“Tax Wall Street,” read a simple, homemade placard high above the crowd of thousands of members of unions, community groups and Occupy activists protesting outside the mid-October convention of bankers and futures traders in downtown Chicago. Curtis Smith, president of the local affiliate of National People’s Action, a network of community organizations focused on the mortgage crisis and financial industry reform, seized a microphone to detail the demand.
Among other measures, Smith proposed a tax on financial transactions, including the sale of stock, bonds and derivatives. The tax would make Wall Street better serve the Main Street economy, and it would generate tens – even several hundreds – of billions of dollars annually in much-needed revenue for worthy projects. Governments would collect the tax on financial transactions most prone to harmful speculation, and wealthy individuals and financial institutions would mainly pay. That’s why NPA and British campaigners call it the “Robin Hood tax.”
In the weeks before the Chicago protests, the European Commission had proposed a financial transaction tax for Europe by 2014 – reversing its earlier rejection of an FTT. Conservative leaders of both France and Germany – Nicolas Sarkozy and Angela Merkel – vowed to press adoption of the tax at the G20 leaders meeting in France in early November, despite opposition from the conservative British government and the Obama administration. On November 3, international union delegations demonstrated for an FTT outside the G20 conference.
In Washington on the same day, National Nurses United protested with other unions and allies, urging Congress to “Heal America/Tax Wall Street,” and labor-community rallies around the country urged political leaders to enact the tax. And in Congress, one day earlier, Sen. Tom Harkin (D‑Iowa) and Rep. Peter DeFazio (D‑Ore.) re-introduced their proposal for a very modest FTT.
The idea of imposing a very small tax on some sales of financial products is not new; British economist John Maynard Keynes proposed a stock speculation tax in the 1930s. In recent years, the FTT has picked up support from some prominent business leaders (including Warren Buffett and Bill Gates) and many economists, from Nobel Prize winners Joseph Stiglitz and Paul Krugman to the 1,000 economists from 53 nations who signed a letter last April saying an FTT was “technically feasible” and “morally right.” The International Monetary Fund identifies 24 countries that currently have an FTT, most prominently a long-standing tax on stock sales in Britain, home to one of the world’s largest financial markets.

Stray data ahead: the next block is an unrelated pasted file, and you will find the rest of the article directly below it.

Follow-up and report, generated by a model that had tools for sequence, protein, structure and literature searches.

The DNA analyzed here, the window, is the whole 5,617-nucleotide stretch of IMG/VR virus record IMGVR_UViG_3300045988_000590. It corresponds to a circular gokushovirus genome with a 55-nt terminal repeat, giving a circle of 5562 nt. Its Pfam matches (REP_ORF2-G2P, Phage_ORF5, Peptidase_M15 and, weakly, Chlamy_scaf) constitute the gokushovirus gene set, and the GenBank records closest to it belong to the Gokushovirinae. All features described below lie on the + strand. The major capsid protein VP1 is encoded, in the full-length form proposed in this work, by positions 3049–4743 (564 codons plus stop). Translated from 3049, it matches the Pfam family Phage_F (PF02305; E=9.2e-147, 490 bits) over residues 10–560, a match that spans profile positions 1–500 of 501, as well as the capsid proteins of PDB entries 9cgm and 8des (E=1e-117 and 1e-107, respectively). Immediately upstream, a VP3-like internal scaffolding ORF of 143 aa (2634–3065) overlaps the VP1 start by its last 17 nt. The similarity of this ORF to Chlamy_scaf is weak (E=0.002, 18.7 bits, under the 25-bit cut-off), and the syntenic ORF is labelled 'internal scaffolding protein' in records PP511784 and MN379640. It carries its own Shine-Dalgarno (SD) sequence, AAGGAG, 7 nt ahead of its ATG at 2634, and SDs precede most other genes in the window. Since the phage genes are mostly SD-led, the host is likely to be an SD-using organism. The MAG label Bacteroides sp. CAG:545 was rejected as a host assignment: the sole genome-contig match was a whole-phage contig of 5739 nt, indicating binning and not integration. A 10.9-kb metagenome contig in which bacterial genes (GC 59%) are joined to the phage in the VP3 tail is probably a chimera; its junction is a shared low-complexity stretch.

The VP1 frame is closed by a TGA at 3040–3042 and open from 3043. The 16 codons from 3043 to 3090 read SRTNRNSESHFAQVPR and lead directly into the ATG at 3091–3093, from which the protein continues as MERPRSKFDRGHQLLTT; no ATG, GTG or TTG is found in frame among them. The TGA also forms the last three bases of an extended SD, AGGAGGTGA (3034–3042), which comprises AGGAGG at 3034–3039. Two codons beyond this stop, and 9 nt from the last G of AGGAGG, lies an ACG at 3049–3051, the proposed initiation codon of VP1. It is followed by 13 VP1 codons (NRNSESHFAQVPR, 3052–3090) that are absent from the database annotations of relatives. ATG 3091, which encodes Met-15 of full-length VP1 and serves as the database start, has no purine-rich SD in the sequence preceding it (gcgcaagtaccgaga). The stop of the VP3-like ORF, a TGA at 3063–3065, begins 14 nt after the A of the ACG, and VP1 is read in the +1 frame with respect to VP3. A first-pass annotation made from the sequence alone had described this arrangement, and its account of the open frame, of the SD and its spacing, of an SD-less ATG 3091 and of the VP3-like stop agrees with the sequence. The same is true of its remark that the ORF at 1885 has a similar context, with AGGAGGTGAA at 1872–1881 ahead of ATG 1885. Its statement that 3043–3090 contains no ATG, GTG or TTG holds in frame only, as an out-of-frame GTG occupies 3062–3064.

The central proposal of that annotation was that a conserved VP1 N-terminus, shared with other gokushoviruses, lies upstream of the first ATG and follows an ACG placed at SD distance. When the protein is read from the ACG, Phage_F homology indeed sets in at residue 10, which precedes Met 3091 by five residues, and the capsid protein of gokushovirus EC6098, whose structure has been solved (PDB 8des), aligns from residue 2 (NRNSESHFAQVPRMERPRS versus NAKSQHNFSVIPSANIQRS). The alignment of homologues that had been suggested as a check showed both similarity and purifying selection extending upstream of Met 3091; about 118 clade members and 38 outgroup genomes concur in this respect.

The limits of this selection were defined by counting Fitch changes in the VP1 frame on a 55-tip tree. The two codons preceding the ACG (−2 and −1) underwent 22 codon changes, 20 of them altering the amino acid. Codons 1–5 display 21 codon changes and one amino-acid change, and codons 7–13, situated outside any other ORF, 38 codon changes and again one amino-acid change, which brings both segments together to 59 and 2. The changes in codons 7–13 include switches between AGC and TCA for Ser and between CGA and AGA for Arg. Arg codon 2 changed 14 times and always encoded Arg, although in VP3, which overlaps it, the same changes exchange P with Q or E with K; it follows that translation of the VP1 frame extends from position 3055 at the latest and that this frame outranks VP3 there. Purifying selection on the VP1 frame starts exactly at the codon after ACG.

FTT advocates think the financial trading business has grown too big, too speculative and too parasitically destructive of the real economy. Center for Economic and Policy Research (CEPR) co-director Dean Baker, a pioneer FTT proponent, notes that investment banking and trading quintupled as a share of the U.S. economy from the 1970s to the last decade. Banking is like trucking, Baker says – an intermediate good. An efficient economy minimizes the trucking or financial activity required to produce goods and services.
Critics say an FTT would distort financial markets, would be hard to collect and, unless enacted globally, would drive business out of taxed countries. Ideally, all countries would cooperate, but countries can act individually. London’s stock market has managed to pay its tax and thrive. Experts have also developed sophisticated designs to minimize harmful distortions.
A broad-based FTT (0.5 percent on stocks and options, or about 50 cents per $100 trade) could yield roughly $170 billion in federal revenue annually, according to a study by CEPR and the University of Massachusetts. Oxfam, a leading advocate, says the money should be used for international development. Other proponents suggest deficit reduction, job creation, economic stabilization, global warming prevention and other causes.
Republicans in this Congress surely will block any FTT proposal, even if President Obama reverses his current position to support the tax (as he once did), but European momentum may eventually push the United States to act. “At a minimum it appears a group of G20 countries are going to move forward with financial transaction taxes, along with the European Commission,” says AFL-CIO Policy Director Damon Silvers. “The U.S. should be part of this global effort so that President Obama is clearly with the global 99% and not the Wall Street 1%.”
David Moberg, a senior editor of In These Times, has been on the staff of the magazine since it began publishing in 1976. Before joining In These Times, he completed his work for a Ph.D. in anthropology at the University of Chicago and worked for Newsweek. He has received fellowships from the John D. and Catherine T. MacArthur Foundation and the Nation Institute for research on the new global economy.